Over the years, it has become obvious that international arbitration is its own skillset – separate from more general litigation. Law firms in turn have responded, offering "international arbitration groups". Sometimes the label is fair. But sometimes the groups that are established are Potemkin villages. They look right, but they lack substance. They’re intended to lure work in.
How can users of international arbitration find firms that have the real experience – and the true ringcraft?
That’s where this guide comes in. Twelve years ago, Global Arbitration Review published its first list of 100 firms we had approved for international arbiration. To earn that stamp of approval, the firm in question would have to open its books to our researchers so we could see what it had worked on, and in front of whom. Did it have a diet of "serious" international arbitration - before credible arbitrators? The result became the GAR 100.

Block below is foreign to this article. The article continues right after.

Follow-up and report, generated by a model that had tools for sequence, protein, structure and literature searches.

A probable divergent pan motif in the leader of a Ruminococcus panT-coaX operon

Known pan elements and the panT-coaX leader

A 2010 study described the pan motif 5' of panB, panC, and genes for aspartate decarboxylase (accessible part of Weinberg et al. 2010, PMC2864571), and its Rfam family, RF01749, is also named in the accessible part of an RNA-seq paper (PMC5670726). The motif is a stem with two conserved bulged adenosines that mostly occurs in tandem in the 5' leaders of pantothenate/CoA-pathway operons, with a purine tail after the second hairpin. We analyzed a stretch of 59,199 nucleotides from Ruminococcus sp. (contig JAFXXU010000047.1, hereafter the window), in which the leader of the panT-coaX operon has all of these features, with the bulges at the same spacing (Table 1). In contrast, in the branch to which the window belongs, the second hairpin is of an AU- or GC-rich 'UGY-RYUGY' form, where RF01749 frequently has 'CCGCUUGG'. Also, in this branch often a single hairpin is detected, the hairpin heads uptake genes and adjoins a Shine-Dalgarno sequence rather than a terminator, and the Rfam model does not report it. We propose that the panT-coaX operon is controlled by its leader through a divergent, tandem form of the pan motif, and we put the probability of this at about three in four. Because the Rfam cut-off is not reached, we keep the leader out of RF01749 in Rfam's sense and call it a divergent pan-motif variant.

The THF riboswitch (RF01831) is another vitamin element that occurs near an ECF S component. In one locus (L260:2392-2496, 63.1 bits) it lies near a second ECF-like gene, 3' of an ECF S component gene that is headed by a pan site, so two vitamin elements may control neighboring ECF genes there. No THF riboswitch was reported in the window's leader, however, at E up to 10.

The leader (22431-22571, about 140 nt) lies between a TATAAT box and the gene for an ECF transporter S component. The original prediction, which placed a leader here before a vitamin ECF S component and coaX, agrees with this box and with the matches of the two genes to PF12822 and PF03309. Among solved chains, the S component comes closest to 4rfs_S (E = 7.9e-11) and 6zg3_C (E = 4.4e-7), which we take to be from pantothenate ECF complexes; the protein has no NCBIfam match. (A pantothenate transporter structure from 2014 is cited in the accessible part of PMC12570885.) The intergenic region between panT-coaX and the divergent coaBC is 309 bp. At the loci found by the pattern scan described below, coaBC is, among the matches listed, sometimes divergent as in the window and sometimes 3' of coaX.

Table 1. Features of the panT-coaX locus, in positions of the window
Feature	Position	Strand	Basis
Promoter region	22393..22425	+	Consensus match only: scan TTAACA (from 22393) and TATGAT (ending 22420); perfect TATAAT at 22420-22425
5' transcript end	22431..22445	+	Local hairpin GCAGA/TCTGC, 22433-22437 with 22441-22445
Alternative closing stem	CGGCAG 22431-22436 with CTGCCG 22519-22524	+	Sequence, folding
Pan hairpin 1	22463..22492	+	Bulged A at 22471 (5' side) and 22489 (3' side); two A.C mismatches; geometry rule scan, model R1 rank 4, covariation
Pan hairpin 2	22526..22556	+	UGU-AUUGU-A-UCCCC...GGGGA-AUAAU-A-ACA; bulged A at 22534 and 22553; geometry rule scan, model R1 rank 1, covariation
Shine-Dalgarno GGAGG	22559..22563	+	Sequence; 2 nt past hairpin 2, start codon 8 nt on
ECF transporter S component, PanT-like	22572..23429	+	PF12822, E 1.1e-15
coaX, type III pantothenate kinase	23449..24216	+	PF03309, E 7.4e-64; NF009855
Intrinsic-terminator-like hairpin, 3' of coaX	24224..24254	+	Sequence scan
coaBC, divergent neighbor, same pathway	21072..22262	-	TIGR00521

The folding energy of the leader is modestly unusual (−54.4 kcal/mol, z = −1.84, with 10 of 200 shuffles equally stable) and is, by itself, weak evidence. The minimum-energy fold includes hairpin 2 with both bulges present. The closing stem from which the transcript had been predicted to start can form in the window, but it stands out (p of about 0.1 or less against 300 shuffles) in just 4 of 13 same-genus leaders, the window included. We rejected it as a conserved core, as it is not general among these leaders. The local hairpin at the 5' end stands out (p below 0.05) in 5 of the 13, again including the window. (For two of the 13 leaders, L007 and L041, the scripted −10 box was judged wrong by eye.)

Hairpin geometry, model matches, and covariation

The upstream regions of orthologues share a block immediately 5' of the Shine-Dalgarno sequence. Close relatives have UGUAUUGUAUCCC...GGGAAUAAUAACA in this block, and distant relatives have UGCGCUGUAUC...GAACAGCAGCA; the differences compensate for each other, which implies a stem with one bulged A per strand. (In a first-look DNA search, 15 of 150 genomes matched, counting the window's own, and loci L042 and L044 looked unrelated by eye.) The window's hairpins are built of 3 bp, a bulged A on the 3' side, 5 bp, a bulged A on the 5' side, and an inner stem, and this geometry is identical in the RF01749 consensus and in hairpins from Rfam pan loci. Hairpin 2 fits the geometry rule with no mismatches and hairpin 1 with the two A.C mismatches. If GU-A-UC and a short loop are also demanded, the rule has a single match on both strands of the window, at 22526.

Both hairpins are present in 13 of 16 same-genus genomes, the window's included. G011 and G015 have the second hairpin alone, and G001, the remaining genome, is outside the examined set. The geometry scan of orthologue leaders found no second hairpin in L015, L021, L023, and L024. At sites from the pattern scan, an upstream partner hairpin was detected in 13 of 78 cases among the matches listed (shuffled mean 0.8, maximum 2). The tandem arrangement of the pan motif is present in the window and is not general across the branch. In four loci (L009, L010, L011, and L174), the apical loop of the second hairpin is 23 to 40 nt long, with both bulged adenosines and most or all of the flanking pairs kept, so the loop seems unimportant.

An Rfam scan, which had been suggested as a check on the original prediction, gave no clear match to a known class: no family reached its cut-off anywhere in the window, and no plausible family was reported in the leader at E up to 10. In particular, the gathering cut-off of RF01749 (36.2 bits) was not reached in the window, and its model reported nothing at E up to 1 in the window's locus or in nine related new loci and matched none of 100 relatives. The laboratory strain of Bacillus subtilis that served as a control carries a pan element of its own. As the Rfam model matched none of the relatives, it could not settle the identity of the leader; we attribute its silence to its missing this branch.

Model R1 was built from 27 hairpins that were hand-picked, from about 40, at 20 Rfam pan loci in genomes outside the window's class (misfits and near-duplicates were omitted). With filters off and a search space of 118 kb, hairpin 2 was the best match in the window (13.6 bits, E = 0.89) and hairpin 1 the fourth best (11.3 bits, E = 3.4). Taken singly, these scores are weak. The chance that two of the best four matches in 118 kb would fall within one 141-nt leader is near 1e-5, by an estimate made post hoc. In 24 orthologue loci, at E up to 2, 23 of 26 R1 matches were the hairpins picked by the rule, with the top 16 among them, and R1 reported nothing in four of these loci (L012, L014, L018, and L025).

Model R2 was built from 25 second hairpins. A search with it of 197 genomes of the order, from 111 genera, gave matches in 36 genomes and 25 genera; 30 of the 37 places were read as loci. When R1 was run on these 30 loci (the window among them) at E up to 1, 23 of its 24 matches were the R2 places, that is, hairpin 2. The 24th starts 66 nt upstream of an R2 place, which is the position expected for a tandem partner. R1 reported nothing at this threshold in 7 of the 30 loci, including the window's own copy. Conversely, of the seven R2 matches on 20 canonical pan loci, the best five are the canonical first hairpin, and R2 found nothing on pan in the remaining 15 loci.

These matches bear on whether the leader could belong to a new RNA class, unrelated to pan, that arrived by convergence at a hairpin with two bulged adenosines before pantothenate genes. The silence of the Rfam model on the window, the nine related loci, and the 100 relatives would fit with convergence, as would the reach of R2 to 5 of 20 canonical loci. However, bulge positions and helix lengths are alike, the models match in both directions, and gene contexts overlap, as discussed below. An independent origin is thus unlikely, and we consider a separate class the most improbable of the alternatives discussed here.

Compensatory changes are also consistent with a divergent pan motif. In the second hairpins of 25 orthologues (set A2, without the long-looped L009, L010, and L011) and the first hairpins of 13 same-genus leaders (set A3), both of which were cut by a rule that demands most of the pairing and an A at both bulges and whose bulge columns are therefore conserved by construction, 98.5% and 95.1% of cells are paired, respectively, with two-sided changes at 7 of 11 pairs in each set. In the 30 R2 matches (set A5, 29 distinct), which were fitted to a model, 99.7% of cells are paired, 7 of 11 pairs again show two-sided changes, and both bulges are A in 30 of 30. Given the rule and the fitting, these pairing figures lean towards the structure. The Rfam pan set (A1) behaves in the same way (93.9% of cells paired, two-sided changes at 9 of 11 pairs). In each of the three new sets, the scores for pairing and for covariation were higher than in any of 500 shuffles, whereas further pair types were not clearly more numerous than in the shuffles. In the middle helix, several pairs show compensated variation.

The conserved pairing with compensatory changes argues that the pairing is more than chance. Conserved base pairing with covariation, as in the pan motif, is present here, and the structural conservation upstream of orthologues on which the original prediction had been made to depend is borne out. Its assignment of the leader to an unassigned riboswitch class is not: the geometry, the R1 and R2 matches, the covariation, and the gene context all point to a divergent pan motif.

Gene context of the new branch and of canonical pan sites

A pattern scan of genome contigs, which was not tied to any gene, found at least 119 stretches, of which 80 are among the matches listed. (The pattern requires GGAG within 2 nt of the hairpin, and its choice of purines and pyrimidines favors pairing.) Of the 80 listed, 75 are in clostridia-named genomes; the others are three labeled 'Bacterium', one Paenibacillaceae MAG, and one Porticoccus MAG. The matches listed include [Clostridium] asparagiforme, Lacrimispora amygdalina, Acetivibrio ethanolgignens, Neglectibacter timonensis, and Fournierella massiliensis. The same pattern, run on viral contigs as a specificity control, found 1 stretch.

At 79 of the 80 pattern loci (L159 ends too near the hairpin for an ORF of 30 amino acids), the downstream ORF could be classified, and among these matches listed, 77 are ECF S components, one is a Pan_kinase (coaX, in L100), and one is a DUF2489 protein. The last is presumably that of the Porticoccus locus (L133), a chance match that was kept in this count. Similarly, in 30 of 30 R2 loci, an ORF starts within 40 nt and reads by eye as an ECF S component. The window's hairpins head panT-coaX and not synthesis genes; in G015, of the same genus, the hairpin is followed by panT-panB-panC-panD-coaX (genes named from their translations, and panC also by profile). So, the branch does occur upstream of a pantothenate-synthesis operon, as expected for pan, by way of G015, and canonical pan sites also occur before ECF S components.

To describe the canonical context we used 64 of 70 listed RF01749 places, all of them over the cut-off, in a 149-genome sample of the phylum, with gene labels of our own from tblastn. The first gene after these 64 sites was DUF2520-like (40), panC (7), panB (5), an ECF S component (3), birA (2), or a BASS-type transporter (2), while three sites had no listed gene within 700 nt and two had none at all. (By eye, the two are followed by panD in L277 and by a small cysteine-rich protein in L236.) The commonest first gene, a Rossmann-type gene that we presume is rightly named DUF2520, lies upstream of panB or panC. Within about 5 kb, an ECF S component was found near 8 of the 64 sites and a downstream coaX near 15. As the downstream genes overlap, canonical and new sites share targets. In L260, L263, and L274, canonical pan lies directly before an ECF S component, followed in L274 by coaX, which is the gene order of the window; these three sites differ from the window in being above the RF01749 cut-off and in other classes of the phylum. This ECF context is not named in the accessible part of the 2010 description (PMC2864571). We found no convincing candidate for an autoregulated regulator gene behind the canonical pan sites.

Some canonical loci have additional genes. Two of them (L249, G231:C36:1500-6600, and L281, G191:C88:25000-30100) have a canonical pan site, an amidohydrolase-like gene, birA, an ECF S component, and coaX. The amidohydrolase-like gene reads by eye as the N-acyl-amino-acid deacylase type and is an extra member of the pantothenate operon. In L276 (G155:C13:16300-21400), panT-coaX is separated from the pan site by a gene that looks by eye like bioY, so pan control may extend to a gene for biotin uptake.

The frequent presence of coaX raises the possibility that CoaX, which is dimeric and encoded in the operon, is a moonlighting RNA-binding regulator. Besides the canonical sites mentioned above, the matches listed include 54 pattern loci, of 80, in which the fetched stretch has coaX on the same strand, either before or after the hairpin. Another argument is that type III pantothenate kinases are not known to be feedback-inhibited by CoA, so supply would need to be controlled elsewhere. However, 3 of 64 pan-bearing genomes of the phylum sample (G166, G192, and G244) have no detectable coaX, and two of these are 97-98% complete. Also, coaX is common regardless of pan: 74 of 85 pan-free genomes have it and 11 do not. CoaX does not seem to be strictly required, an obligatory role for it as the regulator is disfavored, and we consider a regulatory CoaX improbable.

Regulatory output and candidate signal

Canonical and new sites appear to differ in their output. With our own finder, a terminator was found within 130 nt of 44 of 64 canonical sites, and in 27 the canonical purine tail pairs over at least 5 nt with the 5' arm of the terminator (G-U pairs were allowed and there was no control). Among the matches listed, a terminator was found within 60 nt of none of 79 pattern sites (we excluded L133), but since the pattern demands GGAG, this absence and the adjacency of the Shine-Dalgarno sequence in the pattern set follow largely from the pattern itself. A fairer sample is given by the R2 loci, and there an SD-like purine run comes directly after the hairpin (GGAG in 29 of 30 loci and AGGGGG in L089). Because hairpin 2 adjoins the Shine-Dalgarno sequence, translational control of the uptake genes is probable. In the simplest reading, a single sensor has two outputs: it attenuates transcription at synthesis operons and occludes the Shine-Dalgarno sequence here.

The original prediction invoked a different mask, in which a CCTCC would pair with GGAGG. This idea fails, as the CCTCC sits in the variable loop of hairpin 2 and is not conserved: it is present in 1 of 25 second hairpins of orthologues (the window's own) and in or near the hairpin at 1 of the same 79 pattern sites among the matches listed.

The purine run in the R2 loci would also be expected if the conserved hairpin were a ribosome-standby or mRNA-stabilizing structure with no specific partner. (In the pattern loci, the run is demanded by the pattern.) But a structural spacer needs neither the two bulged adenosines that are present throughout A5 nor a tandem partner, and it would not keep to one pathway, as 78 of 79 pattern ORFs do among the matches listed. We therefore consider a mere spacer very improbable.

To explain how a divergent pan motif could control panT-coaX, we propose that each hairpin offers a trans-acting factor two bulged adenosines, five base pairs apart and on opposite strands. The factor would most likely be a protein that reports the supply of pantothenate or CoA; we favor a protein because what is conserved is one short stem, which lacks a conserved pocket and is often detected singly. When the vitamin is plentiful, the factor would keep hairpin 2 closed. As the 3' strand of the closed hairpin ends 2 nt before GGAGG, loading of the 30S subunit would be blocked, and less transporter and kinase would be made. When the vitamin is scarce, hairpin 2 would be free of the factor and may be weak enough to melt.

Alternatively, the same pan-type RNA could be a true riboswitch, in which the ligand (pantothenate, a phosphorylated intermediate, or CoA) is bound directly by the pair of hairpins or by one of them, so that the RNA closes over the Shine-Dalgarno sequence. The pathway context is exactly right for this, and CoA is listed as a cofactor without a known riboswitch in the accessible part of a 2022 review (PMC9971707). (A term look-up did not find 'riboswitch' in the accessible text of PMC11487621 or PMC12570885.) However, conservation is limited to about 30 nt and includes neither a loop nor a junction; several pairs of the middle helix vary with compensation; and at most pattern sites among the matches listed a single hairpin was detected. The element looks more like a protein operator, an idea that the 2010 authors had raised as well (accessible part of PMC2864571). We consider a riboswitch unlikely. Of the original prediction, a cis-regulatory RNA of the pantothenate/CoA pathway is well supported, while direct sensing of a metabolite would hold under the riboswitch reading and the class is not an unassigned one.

Today, the GAR 100 offers advice on practices of all sizes from all parts of the world, all audited by GAR. It's grown beyond the original 100 firms: there are 174 firms in this, the 12th edition - and a subsection on the most active expert witness providers. There is also a ranking (the GAR 30) of the busiest practices, which is generated from the size and number of the disputes that have gone to hearings in the past two years.
Information is correct as of 1 January 2019